1893‑1902 was an unsettled period. Our wars with Spain and in the Philippines subsequently, pacifying the Filipinos, kept the army before the public and served to increase the interest in West Point. The period ended with the Centennial year in which studies were made of the progress of the Military Academy during its first 100 years, and more pretentious graduation ceremonies took place.
Thus in the fifty years in question West Point developed so as p73 to lose its original isolation. It became a part of the National life. It lost its monastic character to some extent. It was linked physically to the neighboring communities by new railroads and highways.
Intellectually, as physically, the fifty years saw West Point cease to be a secret soil where army officers were nurtured. It took on a wider usefulness educationally as it kept abreast of the times and even contributed to the developments of the times.
Spiritually West Point was not stagnant during the second half of its first hundred years. It made itself felt through the careers of its graduates whose lives were fine examples of patriotism and selfless service.
1. In West Point the government produced, 1852‑1902, by careful supervision and at considerable expense, a fine military educational plant with appropriate grounds, buildings, equipment and instruction personnel.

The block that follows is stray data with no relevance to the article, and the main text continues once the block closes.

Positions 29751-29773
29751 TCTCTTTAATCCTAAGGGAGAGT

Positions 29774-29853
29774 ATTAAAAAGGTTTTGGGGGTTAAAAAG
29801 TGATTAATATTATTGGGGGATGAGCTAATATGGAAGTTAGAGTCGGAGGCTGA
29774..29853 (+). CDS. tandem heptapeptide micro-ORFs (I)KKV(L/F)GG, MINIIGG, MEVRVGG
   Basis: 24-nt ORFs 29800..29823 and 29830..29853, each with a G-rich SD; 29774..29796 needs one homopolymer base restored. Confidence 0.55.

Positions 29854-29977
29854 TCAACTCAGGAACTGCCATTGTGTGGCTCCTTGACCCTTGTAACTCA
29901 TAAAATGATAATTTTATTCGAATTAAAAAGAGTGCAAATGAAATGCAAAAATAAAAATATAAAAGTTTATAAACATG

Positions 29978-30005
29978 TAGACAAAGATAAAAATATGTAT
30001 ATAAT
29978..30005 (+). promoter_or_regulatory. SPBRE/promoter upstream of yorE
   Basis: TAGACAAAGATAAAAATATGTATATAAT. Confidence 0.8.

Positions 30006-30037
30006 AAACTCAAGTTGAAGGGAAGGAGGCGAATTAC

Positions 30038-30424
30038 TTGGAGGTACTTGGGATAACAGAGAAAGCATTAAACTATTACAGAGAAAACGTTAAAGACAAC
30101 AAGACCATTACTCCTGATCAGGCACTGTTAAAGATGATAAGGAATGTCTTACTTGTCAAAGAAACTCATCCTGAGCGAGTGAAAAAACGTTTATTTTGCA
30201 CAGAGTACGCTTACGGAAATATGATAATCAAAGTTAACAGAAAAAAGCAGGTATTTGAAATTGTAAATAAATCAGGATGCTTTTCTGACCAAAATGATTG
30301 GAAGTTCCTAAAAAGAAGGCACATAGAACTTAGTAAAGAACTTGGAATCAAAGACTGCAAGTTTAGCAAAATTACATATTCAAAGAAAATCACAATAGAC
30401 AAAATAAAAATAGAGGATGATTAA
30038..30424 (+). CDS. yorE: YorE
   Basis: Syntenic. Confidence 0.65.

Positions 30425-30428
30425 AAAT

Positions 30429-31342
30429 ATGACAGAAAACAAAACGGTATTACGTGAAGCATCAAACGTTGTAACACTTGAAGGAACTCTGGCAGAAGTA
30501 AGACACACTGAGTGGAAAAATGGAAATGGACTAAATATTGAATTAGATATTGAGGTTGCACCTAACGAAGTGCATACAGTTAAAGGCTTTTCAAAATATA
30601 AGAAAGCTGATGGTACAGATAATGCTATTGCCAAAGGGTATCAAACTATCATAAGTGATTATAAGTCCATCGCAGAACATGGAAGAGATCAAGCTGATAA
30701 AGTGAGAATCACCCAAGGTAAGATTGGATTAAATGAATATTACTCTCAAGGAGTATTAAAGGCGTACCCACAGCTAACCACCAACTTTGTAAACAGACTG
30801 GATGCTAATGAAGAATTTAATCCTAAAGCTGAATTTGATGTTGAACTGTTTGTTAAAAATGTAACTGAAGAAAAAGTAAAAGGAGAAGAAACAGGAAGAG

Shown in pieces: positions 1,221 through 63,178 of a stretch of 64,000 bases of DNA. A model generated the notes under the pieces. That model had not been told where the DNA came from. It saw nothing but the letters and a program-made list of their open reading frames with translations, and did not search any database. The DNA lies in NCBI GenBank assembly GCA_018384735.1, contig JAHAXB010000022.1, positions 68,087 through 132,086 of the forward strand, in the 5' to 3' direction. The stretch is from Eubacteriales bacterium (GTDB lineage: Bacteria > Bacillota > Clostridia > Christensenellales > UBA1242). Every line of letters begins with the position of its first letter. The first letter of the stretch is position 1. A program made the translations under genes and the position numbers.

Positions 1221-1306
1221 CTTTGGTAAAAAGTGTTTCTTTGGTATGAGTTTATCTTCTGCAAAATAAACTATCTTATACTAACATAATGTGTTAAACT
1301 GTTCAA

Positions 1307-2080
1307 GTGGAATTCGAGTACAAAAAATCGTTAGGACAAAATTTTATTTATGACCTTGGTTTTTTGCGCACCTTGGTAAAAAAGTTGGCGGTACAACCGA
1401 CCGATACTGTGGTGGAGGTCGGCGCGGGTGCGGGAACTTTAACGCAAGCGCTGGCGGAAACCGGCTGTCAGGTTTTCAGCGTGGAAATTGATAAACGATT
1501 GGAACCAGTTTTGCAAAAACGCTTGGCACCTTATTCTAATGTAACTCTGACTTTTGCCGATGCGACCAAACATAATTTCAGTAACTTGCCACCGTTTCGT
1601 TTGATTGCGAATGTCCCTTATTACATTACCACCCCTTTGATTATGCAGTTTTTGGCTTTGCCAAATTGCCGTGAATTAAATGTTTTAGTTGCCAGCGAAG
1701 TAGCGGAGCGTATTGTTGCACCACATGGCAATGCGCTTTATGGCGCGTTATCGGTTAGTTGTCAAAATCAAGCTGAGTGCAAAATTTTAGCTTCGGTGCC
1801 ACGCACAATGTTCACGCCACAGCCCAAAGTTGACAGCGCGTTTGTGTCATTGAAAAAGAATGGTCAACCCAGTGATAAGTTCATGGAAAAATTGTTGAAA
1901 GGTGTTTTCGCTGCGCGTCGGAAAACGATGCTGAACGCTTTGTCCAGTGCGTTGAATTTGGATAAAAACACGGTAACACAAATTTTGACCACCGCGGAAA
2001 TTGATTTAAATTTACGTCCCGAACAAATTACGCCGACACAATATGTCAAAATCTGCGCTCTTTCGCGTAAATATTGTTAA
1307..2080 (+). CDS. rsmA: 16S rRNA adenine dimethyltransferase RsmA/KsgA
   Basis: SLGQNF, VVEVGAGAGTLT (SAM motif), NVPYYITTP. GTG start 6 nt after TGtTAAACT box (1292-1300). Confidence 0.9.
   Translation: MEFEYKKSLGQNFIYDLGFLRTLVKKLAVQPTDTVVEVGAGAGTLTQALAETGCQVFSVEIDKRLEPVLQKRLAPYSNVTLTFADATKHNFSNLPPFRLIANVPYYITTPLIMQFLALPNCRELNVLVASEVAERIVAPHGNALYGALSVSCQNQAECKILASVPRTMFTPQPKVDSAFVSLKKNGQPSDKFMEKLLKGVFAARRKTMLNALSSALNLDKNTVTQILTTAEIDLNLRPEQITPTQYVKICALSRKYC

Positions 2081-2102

2. The service to the Nation in the World War proves to that date, and contemplated value to the Nation in the event of another war suggests for the future, that the Military Academy (during the fifty years in question) was built with wisdom and foresight and not merely to serve for the moment.
3. The opinions of qualified observers agree, and statistics indicate, that the graduates of the Military Academy (1852‑1902) were able to contribute to national life in spheres other than the military, and that they did so.
4. While West Point cannot, by reason of its exceptional situation and peculiar mission, stand as a model for civil educational institutions, it did (1852‑1902) much to foster high educational and other ideals and practices and was a laboratory where these might be observed.
5. The Military Academy did not teach practical subjects, did not offer success in business as an "outcome," did not seek to serve its students as other institutions of that period sought to p74 do. But it seems to have served its sons well in that it fitted them to serve the nation well. In building strong healthy bodies, giving a sound fundamental education, and teaching a disinterested patriotism that placed "Duty, Honor, and Country" first, West Point was maintaining (during this 50‑year period) the high purposes for which it had been founded, and which still stand for something worth while even in our chaotic social, economic and governmental situation today.
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History of West Point